Magazine article The Spectator

Wild Life: Aidan Hartley

Magazine article The Spectator

Wild Life: Aidan Hartley

Article excerpt


An elephant can break through an electric fence by pulling out the posts, pushing younger, more stupid animals into the wire -- or by simply sitting on the fence. I do hope they will play such tricks on us, now that high-voltage wires enclose most of the ranch, leaving only a few corridors for animals to pass through. The wilderness has become the territory of humans, a farm to produce food, no longer the land of elephants.

Before the second world war, when Africa swarmed with wildlife, there was a bull elephant on Kilimanjaro known as the Crown Prince. It had huge tusks. My father once tracked the Prince for many hours through the forest at great speed. He never caught a glimpse of the bull until, while taking a rest, he heard a noise and looked up to see the tip of an elephant's trunk a few feet above him, snuffing the air. Perhaps he could have shot it but he was not hunting at the time.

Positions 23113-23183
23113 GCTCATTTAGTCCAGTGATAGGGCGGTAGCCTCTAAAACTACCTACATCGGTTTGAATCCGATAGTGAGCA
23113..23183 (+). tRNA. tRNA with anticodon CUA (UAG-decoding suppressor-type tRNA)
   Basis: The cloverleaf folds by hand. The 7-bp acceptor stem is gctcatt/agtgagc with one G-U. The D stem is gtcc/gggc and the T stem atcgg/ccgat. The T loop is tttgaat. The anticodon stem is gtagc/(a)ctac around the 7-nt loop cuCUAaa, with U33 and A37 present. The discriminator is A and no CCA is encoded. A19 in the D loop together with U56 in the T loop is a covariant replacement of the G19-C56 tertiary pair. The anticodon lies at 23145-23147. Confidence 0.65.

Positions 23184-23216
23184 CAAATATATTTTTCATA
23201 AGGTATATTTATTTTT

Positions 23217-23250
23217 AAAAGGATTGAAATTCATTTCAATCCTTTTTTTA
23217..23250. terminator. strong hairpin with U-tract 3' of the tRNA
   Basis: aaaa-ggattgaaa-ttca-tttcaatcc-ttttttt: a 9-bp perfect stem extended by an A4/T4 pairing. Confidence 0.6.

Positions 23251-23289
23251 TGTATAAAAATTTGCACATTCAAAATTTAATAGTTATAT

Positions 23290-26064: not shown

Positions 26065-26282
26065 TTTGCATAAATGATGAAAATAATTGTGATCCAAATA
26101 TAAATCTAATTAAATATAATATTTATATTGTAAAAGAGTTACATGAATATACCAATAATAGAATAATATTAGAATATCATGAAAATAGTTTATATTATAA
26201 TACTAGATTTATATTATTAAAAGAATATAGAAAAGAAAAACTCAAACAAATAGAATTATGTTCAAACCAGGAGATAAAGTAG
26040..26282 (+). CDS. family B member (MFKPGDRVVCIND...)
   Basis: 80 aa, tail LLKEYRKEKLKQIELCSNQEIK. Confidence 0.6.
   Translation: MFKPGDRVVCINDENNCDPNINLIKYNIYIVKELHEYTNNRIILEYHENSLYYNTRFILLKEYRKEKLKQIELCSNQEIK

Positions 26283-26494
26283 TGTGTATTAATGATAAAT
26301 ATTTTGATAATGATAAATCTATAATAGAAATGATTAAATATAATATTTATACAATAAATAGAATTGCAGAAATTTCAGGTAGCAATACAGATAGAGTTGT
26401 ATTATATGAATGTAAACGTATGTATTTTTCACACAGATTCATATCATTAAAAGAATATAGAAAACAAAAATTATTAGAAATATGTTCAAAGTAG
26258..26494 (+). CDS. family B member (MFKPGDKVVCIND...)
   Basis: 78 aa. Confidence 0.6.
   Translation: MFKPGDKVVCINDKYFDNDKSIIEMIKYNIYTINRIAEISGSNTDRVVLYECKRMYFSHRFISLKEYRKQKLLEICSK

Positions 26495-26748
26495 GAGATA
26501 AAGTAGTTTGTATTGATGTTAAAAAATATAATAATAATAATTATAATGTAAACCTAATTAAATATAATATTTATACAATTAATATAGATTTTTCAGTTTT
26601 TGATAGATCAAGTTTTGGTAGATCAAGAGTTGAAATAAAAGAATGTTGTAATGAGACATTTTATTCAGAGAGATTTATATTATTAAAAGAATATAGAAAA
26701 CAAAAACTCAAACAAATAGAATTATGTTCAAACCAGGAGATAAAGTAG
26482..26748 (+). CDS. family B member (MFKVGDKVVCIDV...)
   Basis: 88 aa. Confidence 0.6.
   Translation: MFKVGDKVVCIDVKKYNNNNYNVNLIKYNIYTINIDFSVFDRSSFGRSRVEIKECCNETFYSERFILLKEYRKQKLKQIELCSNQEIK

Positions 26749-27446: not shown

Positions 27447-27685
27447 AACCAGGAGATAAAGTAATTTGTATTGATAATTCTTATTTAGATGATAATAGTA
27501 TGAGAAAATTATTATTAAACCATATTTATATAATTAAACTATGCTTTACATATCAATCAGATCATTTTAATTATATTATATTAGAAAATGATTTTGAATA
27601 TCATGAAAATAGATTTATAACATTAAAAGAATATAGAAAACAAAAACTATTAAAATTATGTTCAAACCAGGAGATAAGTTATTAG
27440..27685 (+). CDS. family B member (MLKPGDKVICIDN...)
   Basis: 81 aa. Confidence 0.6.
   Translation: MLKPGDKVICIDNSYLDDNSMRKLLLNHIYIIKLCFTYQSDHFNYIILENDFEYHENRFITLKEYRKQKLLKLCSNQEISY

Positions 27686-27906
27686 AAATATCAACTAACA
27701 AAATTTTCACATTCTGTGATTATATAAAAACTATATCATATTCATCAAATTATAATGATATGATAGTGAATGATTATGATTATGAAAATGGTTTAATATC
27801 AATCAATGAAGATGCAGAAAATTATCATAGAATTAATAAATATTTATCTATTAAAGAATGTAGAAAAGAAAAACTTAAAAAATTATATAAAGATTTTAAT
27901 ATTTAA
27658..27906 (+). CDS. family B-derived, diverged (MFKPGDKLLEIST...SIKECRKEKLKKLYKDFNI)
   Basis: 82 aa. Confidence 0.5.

Later, a German found some land in the forest high on Kilimanjaro. The soil was deep, rich and red, but the man had no title deeds to it. He farmed it as a squatter. This was around the Great Depression when even the Europeans experienced hardships in East Africa. They ate plenty of game meat and a man could make a living from shooting elephant for their ivory.

This German -- his name was Hans, my mother says -- had a brother called Eric, who lived down the mountain in the village of Moshi. Hans was pleased with his secret gardens in the forest and so he persuaded his brother to come up and see it. Leaving Moshi, they climbed through the country with three local men until they came to a beaten path through thick forest set about with enormous trees.

All of a sudden they stopped. Ahead of them in the dark shade of the trees stood a great bull elephant, with large tusks. He spread out his ears in a threatening display but he neither moved nor made any sound. He just stood there. The party of five men were terrified by the sight of him and they silently turned and ran.

The men descended the mountain at great speed, and began discussing how they should return the next day with a gun and a hunting license. They could both shoot the elephant and visit Hans's cultivation. The next day they climbed up again and it was getting late when they reached the track through the forest. …

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